Photo by Krista MacRae

History of the Lighthouse

Built in 1845, the Point Prim lighthouse is the first and oldest lighthouse on Prince Edward Island and one of only a few round brick lighthouses in Canada.

In the early 19th century, sea trade between Canada and Europe increased rapidly and so did shipwrecks and disasters at sea. As Charlottetown grew it required more merchandise and as shipping traffic increased, so did the number of shipwrecks along our shores.

The demand for a guiding beacon into Charlottetown Harbor peaked in 1841, when the colony’s General Assembly was petitioned by concerned merchants and ship owners.
There was great debate about where the Lighthouse should be built. Lieutenant Governor Charles Fitz Roy wrote letters to captains of the Royal Navy requesting their opinion. Finally it was agreed that the best place for general use in navigating the Northumberland Strait, would be Point Prim.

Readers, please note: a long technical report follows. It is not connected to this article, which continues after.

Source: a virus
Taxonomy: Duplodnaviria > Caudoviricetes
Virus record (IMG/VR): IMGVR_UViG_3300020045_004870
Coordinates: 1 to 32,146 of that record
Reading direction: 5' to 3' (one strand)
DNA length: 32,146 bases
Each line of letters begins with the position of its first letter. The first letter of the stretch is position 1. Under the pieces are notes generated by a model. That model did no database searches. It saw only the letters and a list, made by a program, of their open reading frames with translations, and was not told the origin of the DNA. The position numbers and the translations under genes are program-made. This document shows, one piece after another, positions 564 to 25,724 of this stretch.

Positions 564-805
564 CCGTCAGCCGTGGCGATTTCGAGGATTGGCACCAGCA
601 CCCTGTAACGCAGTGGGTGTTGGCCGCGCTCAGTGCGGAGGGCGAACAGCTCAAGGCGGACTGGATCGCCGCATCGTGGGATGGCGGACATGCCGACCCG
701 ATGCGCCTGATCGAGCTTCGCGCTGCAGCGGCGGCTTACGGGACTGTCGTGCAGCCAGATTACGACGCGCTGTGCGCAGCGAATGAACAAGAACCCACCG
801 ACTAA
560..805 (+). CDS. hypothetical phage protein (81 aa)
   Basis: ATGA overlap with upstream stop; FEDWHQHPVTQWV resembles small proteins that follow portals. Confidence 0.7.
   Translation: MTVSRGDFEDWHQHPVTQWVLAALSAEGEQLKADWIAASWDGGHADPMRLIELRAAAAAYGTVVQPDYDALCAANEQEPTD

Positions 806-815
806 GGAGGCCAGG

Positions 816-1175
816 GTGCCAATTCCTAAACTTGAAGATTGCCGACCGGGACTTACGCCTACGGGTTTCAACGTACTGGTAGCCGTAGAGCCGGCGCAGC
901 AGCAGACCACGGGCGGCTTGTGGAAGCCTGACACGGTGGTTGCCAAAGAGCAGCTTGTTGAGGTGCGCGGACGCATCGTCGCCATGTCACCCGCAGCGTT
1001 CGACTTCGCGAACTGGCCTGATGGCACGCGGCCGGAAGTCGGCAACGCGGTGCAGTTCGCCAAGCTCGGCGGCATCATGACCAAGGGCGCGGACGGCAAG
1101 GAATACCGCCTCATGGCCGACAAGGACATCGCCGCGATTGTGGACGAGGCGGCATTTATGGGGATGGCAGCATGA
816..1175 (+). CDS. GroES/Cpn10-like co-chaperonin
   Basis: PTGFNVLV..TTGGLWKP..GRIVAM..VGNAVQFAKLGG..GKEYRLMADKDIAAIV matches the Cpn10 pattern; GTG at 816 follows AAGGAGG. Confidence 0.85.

It took 3 years for the Assembly to agree upon and appropriate the proper funding and location for a lighthouse. Finally in 1844, an advisory committee, submitted a report, recommending a tower, 60 feet in height.

At that time, the prominent architect Isaac Smith, who had designed Government House and would later design Province House, drew up the plans for the lighthouse tower.On March 31, 1845, a committee appointed  by the House of Assembly, of 22 men travelled 16 miles over the ice in 10  horse drawn sleighs for the purpose of surveying the site for the intended lighthouse.

The group, led by William Douse local MPP and agent for Lord Selkirk, included architect Isaac Smith and the land surveyor L.W. Gall.  The Point Prim acreage was owned by the Earl of Selkirk. It was his Lordship’s wish to donate this 9 acre property to the Colony for the prestigious Point Prim Lighthouse.

For more info about Isaac Smith click here.